Encouragingly, responding to public health vulnerabilities caused by climate change is one of Ethiopia’s primary goals within the National Adaptation Programme of Action and the Nationally Determined Contributions. In particular, these policy instruments focus on the effective management of drought in order to safeguard human, animal and environmental health.

Capital: What are the key strategies or initiatives that Uniting to Combat NTDs is implementing in Ethiopia to mitigate the impact of climate change on NTDs and improve control and prevention efforts?

Thoko Elphick-Pooley: Uniting to Combat NTDs exists to end NTDs by mobilising resources in support of the World Health Organization’s NTD road map and the Sustainable Development Goals. Demand generation and building political will at a country level is important to drive investment in NTDs and therefore improve control and prevention efforts towards tackling NTDs.

Ethiopia has shown strong country leadership towards tackling NTDs by being one of the first countries to endorse the kigali declaration on NTDs. The Kigali Declaration is a high-level, political declaration that is mobilising political will, community commitment, resources and action, and securing commitments needed to end suffering caused by NTDs.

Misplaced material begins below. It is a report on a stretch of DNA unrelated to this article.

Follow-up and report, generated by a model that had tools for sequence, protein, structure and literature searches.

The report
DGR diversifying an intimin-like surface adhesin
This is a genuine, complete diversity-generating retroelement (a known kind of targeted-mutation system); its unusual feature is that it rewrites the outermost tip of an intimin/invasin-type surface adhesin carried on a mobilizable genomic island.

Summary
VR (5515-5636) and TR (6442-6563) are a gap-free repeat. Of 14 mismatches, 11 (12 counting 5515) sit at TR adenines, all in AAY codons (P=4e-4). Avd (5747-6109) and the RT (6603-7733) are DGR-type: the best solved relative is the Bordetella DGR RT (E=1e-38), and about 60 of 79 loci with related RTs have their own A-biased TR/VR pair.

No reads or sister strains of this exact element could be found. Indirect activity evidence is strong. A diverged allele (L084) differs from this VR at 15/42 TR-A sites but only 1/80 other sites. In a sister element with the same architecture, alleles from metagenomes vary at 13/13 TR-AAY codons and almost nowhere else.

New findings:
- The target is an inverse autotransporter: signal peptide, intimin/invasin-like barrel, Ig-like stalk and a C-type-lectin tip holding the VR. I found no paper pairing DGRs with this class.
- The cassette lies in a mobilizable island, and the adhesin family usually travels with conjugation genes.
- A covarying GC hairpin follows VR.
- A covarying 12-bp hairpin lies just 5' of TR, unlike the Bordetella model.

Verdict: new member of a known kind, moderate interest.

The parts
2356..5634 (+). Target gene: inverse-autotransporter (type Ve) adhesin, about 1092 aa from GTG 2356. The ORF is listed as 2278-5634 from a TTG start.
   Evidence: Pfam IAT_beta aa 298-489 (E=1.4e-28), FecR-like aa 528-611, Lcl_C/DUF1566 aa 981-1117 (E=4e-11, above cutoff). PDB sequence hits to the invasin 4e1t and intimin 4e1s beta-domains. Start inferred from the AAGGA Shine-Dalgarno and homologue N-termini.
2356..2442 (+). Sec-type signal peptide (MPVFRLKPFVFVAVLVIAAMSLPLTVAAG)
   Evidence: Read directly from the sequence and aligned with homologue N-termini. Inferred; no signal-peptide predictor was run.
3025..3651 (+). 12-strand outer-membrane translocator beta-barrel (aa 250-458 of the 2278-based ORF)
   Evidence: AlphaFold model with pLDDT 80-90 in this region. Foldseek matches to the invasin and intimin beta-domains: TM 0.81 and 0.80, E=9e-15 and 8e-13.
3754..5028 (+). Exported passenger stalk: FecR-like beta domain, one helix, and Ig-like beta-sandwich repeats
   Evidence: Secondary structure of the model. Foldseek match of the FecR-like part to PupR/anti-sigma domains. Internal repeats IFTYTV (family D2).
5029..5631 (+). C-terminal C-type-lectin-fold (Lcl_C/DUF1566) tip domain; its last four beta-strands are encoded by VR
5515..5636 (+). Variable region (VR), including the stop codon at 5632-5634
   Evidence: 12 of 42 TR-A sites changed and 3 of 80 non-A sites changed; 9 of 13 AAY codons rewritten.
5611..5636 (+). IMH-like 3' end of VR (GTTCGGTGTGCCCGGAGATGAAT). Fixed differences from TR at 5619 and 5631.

We hope to see Ethiopia continue to prioritise NTDs interventions through domestic health financing, and advocating for other African countries to follow their leadership by endorsing the Kigali Declaration on NTDs.

Capital: How does Uniting to Combat NTDs collaborate with local communities, government agencies, and other stakeholders in Ethiopia to build resilience against climate change and address NTDs effectively?

Thoko Elphick-Pooley: Uniting to Combat NTDs works with over 150 partners including communities, government agencies and other stakeholders around the world to create the political will and an enabling environment for change to collectively address the NTD crisis.

Sustainable financing for tackling NTDs is critical if we are to control and eliminate NTDs, and help to build resilience against the health impacts of climate change, such as the resurgence of vector-borne diseases.

However, for some time, a lack of resources has been a significant barrier to the control, elimination, and eradication of NTDs. This challenge has only been intensified by COVID-19 which has caused severe delays and disruption to NTD programmes (NTD services were the second most disrupted health services from COVID-19), as well as a massive repurposing and diversion of resources.